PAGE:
Kermit Swiler Champa. Studies in Early Impressionism. New Haven, 1973, p. 5, fig. 9, as "Forest Interior, Fontainebleau"; discusses it as a study of the interactions of light and color occurring in the forest setting.
John Rewald. The History of Impressionism. 4th rev. ed. New York, 1973, ill. p. 95, as "Le Pavé de Chailly"; dates it about 1866.
Lydie Huyghe in René Huyghe. La Relève du réel: la peinture française au XIXe siècle: impressionnisme, symbolisme. Paris, 1974, fig. 95, as "Le chêne Bodmer, forêt de Fontainebleau"; dates it about 1866.
Daniel Wildenstein. Claude Monet: Biographie et catalogue raisonné. Vol. 1, 1840–1881: Peintures. Lausanne, 1974, pp. 17, 29, 142–43, no. 60, ill., as "Un chêne au Bas-Bréau (Le Bodmer)"; dates it 1865.
Elizabeth H. Jones inMonet Unveiled: A New Look at Boston's Paintings. Exh. cat., Museum of Fine Arts, Boston. Boston, 1977, p. 12, mentions that a tree very similar in shape to this one is revealed through infrared and radiography under the paint surface of "Road in a Forest with Woodgatherers," of about 1863 (Museum of Fine Arts, Boston).
Robert Gordon and Andrew Forge. Monet. New York, 1983, ill. p. 21.
Charles S. Moffett. Impressionist and Post-Impressionist Paintings in The Metropolitan Museum of Art. New York, 1985, pp. 106–7, 251, ill. (color).
Charles F. Stuckey, ed. Monet: A Retrospective. New York, 1985, ill. p. 34.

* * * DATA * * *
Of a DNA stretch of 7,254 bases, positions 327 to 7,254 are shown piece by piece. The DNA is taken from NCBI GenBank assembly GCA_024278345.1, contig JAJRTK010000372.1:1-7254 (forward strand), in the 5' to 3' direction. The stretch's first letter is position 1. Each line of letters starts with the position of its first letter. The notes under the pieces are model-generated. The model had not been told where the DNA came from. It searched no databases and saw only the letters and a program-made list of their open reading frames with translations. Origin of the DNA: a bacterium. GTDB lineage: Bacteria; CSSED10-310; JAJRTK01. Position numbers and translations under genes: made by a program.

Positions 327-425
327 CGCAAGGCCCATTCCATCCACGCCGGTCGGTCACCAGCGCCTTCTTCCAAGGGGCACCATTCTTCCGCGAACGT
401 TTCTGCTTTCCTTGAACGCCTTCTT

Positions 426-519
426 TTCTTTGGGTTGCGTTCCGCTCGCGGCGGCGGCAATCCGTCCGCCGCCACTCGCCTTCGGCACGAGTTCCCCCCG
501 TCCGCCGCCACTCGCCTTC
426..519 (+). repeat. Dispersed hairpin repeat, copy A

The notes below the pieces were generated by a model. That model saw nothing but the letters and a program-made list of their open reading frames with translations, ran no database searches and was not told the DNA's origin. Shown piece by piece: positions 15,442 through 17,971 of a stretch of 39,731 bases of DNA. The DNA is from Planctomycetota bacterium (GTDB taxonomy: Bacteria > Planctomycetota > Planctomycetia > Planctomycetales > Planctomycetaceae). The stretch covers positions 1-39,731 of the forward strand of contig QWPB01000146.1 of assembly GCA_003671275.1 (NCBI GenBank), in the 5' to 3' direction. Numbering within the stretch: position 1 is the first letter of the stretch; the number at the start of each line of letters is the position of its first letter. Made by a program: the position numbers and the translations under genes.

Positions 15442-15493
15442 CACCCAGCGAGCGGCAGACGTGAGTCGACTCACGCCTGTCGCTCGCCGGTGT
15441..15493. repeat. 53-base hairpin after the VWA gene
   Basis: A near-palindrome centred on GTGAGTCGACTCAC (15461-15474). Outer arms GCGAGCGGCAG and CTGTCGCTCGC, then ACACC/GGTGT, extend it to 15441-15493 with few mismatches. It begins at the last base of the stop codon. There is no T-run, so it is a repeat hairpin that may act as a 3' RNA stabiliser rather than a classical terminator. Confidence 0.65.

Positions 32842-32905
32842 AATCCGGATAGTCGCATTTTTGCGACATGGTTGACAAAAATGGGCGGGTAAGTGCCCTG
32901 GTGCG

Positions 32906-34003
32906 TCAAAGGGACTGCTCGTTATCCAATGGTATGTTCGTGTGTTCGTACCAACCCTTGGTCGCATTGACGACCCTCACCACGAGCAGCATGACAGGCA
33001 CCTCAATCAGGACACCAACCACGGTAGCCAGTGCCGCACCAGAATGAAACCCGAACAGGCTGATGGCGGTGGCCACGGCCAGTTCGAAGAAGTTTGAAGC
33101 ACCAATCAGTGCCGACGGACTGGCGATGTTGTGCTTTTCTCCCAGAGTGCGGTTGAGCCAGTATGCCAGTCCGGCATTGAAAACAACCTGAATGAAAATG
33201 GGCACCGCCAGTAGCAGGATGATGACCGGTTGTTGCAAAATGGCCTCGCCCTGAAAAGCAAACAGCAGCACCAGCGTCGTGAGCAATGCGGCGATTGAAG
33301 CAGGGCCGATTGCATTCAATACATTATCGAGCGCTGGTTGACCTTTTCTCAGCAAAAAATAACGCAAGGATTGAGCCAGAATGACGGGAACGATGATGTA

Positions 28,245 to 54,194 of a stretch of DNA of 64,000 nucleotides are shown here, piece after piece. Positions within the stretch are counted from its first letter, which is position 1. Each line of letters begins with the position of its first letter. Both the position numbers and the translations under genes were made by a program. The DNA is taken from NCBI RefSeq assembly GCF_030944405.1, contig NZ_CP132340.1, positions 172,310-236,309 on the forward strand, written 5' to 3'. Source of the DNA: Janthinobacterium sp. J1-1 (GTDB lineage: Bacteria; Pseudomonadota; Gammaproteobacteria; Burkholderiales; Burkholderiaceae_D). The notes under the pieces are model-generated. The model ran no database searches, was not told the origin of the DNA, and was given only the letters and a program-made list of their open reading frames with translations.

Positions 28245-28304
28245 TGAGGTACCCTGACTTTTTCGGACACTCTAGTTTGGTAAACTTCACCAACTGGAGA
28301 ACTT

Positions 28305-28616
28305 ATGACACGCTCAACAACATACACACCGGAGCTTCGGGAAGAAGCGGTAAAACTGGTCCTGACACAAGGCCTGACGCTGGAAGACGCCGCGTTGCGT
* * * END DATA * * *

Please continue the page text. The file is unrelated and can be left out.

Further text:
Sjraar van Heutgen et al. inFranse meesters uit het Metropolitan Museum of Art: Realisten en Impressionisten. Exh. cat., Rijksmuseum Vincent van Gogh, Amsterdam. Zwolle, The Netherlands, 1987, pp. 66–67, no. 20, ill. (color, overall and detail).
Marianne Alphant. Claude Monet: Une vie dans le paysage. [Paris], 1993, p. 113, as "Un chêne au Bas-Bréau".
Henri Loyrette inOrigins of Impressionism. Exh. cat., The Metropolitan Museum of Art. New York, 1994, pp. 274, 359 [French ed., Paris].
Gary Tinterow in Gary Tinterow and Henri Loyrette. Origins of Impressionism. Exh. cat., The Metropolitan Museum of Art. New York, 1994, pp. 73–74, 296, 330, 422–23, no. 120, fig. 96 (color) [French ed., "Impressionnisme: Les origines, 1859–1869," Paris], as "Le Chêne de Bodmer: La Route de Chailly (The Bodmer Oak, Fontainebleau Forest, the Chailly Road"; dates it early or late October 1865; notes that the oak tree was named after the Swiss artist Karl Bodmer, who exhibited his painting of it in the 1850 Salon.
Jack Flam. "The New Painting." New York Review of Books (November 17, 1994), pp. 48, 50, ill. (color), compares it to Courbet's "Oak Tree in Flagey" (Murauchi Art Museum, Tokyo).
Katharine Baetjer. European Paintings in The Metropolitan Museum of Art by Artists Born Before 1865: A Summary Catalogue. New York, 1995, p. 471, ill. p. 472.
Daniel Wildenstein. Monet. Vol. 2, Catalogue raisonné–Werkverzeichnis: Nos. 1–968. 2nd ed. Cologne, 1996, pp. 30–31, no. 60, ill. (color), as "Un Chêne au Bas-Bréau (le Bodmer)".